Gaming

Games Inbox: PS5 launch game list, The Last Of Us Part 2 violence, and Shenmue 3 slowness


Horizon Zero Dawn – will the sequel be a PS5 launch game? (pic: Sony)

The Tuesday Inbox looks back at some of gaming’s strangest TV ads, as one reader struggles with RSI and video games.

To join in with the discussions yourself email gamecentral@ukmetro.co.uk

Lynch pin
So most rumours seem pretty certain that the PlayStation 5 reveal is early June, just a few weeks from now and before Microsoft’s big Xbox event. I’m not sure I believe it purely for that reason but assuming it’s true, and it’s got to happen at some point, what does everyone think will be the launch games?

The only one we know about for sure is Godfall and I guess whatever Ubisoft games are coming out this Christmas, like Assassin’s Creed Valhalla and Watch Dogs: Legion. The main Sony exclusive though? I’m going to bet Horizon Zero Dawn 2. Guerrilla Games have been quietest the longest, are the most tech-heavy studio, and have made launch games before, they seem a perfect fit.

Then you’ve got the rumours of Bluepoint’s Demon’s Souls remake, which still seems weird to me, but everyone seems pretty adamant about it. Maybe there’ll be a surprise like Gran Turismo 7, which we also haven’t heard about in years, but although everything else seems to have leaked out many times before I don’t remember hearing anything convincing about that.

Add in free games like Call Of Duty: Warzone and Warframe and you’ve got the bones of a pretty decent launch line-up. Although it does kind of depend on the quality of Horizon Zero Dawn 2, or whatever the main game is. That’s the lynch pin for the whole launch. If it’s only so-so and Halo Infinite is a classic then I wouldn’t say that’s necessarily going to be enough. With luck we’ll, finally, get to see next month.
Korbie

Hell on Earth
Just viewed all The Last Of Us Part 2 videos (official ones only, no spoilers here) after not seeing any since the opening one of 2016 with Ellie playing the guitar.

Yes, this games has been in production for at least five years and looks like Hell on Earth, the level of violence is extremely high from the expressions on the characters’ faces to the feeling of dread I felt just watching it; not to mention the realism of the gore is exceptional. It feels like a massive step up from the original and the sound of effects amazing. But I think younger players and people with a disposition may find the game overwhelming.

Me, myself I don’t mind this type of immersion but after viewing the videos I felt unsettled because some people in real life face this kind of violence. Just hope they find the target audience and no underage gamers.
bigboss1960 (PSN ID)

Eight years later
With the lockdown still ongoing, it’s finally given me the time to catch up on a backlog of games that’s been building up for some time. While I’ve felt a little bad sat in front of a TV while the sun was shining outside it’s also given me a chance to enjoy some classics that I’d previously overlooked and return to some games I never finished.

In and amongst these was SSX (2012). While it was never the greatest game it was still fun and I recall enjoying it eight years ago when it was first released. However, I never managed to beat Griff down that final course. Fast forward to 2020 (and several frustrated evenings later) and I did it!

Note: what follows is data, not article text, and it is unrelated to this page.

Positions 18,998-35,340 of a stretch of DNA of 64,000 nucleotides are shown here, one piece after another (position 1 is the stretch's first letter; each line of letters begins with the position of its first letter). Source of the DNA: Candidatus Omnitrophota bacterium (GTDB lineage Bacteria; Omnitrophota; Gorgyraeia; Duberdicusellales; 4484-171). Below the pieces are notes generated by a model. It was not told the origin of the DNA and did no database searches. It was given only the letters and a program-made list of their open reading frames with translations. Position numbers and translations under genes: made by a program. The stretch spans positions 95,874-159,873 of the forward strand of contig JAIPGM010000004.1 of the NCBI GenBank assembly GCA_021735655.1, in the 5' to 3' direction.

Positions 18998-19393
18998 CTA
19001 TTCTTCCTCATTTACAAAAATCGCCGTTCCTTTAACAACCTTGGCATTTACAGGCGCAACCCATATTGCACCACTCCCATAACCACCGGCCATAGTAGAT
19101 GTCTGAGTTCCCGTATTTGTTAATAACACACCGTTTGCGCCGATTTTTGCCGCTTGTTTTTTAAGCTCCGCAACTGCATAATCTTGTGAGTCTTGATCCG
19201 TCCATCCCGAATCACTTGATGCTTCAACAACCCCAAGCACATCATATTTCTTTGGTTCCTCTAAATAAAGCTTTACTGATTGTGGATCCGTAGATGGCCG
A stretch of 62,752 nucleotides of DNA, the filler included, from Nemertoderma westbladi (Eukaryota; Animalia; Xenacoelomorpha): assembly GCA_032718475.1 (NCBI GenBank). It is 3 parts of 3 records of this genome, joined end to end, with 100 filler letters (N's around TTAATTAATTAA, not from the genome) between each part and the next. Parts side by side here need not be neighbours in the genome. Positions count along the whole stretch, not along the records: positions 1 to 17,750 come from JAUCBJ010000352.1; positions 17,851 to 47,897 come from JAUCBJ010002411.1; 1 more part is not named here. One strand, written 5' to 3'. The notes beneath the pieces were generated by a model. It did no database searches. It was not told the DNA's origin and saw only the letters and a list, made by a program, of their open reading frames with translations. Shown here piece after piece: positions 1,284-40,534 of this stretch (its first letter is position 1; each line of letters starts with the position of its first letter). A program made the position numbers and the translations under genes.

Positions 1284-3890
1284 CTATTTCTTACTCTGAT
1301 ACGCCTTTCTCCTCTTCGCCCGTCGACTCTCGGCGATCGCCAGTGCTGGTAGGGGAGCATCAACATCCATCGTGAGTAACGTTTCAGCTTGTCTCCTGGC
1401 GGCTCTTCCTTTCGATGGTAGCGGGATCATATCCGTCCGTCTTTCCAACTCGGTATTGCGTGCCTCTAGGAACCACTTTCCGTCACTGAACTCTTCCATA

It’s probably the eight years talking here, but while it’s hardly the most challenging boss I’ve encountered I can’t recall ever being as pound of myself for finishing a game before. This includes torturous bosses such as Sigrún (God Of War) or games I’ve invested months in (such as Zelda: Breath Of The Wild).

This could be because it’s taken me eight years to complete it (by far the longest its every taken me to finish a game) or just the self-reassurance that that 30-year-old me is a superior gamer to 22-year-old me! Either way I was pretty pleased with myself!

Perhaps the question of ‘What is your most satisfying gameplay moment or accomplishment?’ could be a future Hot Topic?
Huw

GC: We’ve done it before but it’s probably about time for it to come round again.

E-mail your comments to: gamecentral@ukmetro.co.uk

Slow progress
I mainly play and review VR games on my YouTube channel and podcasts and missed out on playing Shenmue 3 at release even though I have been waiting to play it for 19 years or so.

Anyway, I decided pick it up for PC in the Epic Games Store sale for just over £12, so I didn’t have to open my PlayStation 4 limited run edition, and have got about an hour into it.

Wow, it looks just like the Dreamcast games graphics-wise, which I am happy with, but story-wise it’s off to a pretty slow start. I will persevere with it over the next few days and hope it’s not 19 years until the next episode.

Stay alert people!
Jonsey

Really Stressed Internally
So I was hoping to ask the GC community for some advice. I’ve developed the dreaded repetitive strain injury over my time gaming. It started small but as the years have dragged on it’s become something I really can’t ignore anymore. I’m taking a self-imposed three months off the games and I’ve reduced my typing at work as much as possible. I’ve got a bunch of exercises to try and rebuild the strength in my tendons but I was hoping to get some advice from anyone who’s suffered something similar.

I’ve seen a couple of comments about it and I was just hoping there were some readers who might offer me some advice. If you don’t fancy writing in please contact me via my gamertag.

Has anyone at GC suffered from RSI? Have to imagine between the gaming and the typing you might have some advice.
DarKerR (gamertag)

GC: We don’t, thankfully, but perhaps a reader can help.

Strange promotion
Having owned a Sega Saturn back in the day I thoroughly enjoyed Commodores Fan’s Reader’s Feature this weekend. In addition to giving me those sweet nostalgic feels it genuinely filled in some details I was previously unaware of regarding the missteps Sega made at the time.

But the reason I’m writing in is because of the embedded Saturn TV adverts that I’d never seen before. They were utterly bizarre and I’m at a loss as to how they could possibly have been considered as likely to compel viewers to buy the console.